Click here to view a list of our recommended banks in our Vendor Network.
TIP: Our business formation service includes a free banking resolution for your use.
Setup your Accounting and Record-keeping system and learn about the taxes your new company is responsible for paying.
Company documents generally are required to be kept for 3 years, including: a list of all owners and addresses, copies of all formation documents, financial statements, annual reports, amendments or changes to the company. All Tax and Corporate Filings should be kept for at least 3 years. View our “Accounting & Financial Management” section for help with setting up an accounting system and purchasing accounting software.
Now that you’ve registered your business name you need to obtain a business license for your company – this authorizes your company to do business in your city or county. Typically this also involves registering for state taxes and permits (the city may require them as part of the business licensing process).
Tip: We work with a company that can obtain and prepare business licenses and permits for you. Click here to learn more.
If you intend to hire yourself or others as a full or part-time employee of your company, then you may have to register with the appropriate State Agencies or obtain Workers Compensation Insurance or Unemployment Insurance (or both). View our “Employees & Payroll” section for help with hiring employees and processing payroll.
Review our list of recommended Payroll Providers in our Vendor Network.
There are many types of insurance for businesses but they are usually packaged as “General Business Insurance” or a “Business Owner’s Policy”. This can cover everything from product liability to company vehicles. A decent policy can run as little as $300/year and offers a great extra level of protection.
Click here to view our list of insurance providers in our Vendor Network.
Prepare the business as if someone needed to take it over and run it for you. This means have a method to process orders, pay bills, pay employees, pay taxes, maintain your permits, etc. Basically, try to make the operational aspect of the business as automated and efficient as possible so you can concentrate on growing your business. View our “Manage Your Company” section for help with systemizing and automating your business.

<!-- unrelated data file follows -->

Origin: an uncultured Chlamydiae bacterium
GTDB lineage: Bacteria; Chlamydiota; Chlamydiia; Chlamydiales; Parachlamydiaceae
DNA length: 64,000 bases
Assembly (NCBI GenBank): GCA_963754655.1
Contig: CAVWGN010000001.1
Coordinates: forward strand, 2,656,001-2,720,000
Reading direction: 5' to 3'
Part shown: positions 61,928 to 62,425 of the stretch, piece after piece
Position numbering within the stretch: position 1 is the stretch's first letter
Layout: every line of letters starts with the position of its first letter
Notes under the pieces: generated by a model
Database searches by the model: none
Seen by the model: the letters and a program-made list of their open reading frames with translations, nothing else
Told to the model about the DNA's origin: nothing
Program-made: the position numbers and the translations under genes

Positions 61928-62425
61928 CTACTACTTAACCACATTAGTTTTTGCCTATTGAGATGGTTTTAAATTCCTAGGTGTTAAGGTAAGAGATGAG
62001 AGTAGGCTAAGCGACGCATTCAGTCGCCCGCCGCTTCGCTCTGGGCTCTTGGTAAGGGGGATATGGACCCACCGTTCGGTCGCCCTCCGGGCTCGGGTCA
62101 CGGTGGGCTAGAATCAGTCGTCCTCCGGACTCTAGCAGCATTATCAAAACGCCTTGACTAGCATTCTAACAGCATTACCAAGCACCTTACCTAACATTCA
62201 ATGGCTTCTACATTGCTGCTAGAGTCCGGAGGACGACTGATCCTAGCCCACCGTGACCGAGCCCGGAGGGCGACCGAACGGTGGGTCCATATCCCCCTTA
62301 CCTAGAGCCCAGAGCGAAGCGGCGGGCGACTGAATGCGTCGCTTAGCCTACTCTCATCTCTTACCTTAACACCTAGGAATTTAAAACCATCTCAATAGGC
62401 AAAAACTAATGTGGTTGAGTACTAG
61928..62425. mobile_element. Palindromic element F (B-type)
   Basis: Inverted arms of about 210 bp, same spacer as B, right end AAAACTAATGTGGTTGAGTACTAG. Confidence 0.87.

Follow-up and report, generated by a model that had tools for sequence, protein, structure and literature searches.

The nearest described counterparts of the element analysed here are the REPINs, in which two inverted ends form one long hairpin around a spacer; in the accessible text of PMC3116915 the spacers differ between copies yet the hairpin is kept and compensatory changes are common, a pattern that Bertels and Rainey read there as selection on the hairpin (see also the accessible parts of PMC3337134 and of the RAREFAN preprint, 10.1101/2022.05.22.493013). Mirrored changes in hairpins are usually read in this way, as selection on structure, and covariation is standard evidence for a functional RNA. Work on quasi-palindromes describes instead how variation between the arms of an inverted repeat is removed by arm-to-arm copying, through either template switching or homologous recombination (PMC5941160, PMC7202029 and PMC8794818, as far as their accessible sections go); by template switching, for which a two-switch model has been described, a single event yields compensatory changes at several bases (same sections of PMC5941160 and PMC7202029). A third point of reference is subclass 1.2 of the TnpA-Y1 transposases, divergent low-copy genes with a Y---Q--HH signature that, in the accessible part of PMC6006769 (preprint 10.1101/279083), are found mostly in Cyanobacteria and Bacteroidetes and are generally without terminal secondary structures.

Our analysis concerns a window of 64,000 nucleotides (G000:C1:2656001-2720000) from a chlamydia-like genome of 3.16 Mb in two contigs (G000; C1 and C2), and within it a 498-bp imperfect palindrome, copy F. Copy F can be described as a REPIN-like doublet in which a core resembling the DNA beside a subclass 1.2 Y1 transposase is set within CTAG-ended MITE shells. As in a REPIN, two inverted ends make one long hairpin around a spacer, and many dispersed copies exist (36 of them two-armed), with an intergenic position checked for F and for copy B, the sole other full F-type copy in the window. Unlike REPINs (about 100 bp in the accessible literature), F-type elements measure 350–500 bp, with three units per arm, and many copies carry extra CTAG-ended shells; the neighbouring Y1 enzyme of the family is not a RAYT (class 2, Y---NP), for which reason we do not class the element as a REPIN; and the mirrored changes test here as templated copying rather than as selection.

Now that you’ve set-up the company for success, you need to get the word out. Create a marketing plan for your products and services that targets your ideal customer. View our “Marketing & Sales” section for help for more information.
Ohio does not require businesses to file an annual report.
DBA: Your Fictitious Business Name should be valid for 5 years (unless you change company name or other information listed on the FBN) at which point you’ll need to renew it with the county.
LLC: Ohio does not require LLCs to file an annual report.
Corporation: Ohio does not require corporations to file an annual report.
Franchise Taxes: Ohio businesses are not required to pay an annual franchise tax.
Click here to view our MyCompanyWorks Premium™ service which can automate most or your ongoing compliance tasks.
Our Ohio filing services will help you get started as quickly as possible.
180 East Broad Street, 16th Floor
Columbus, Ohio 43215
Ohio Department of Taxation
P.O. Box 530
Columbus, Ohio 43216-0530
Top 10 Ohio Startup Resources:
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Excellent in all aspects. Perfect for new business owners with limited resources but wants to start it off right.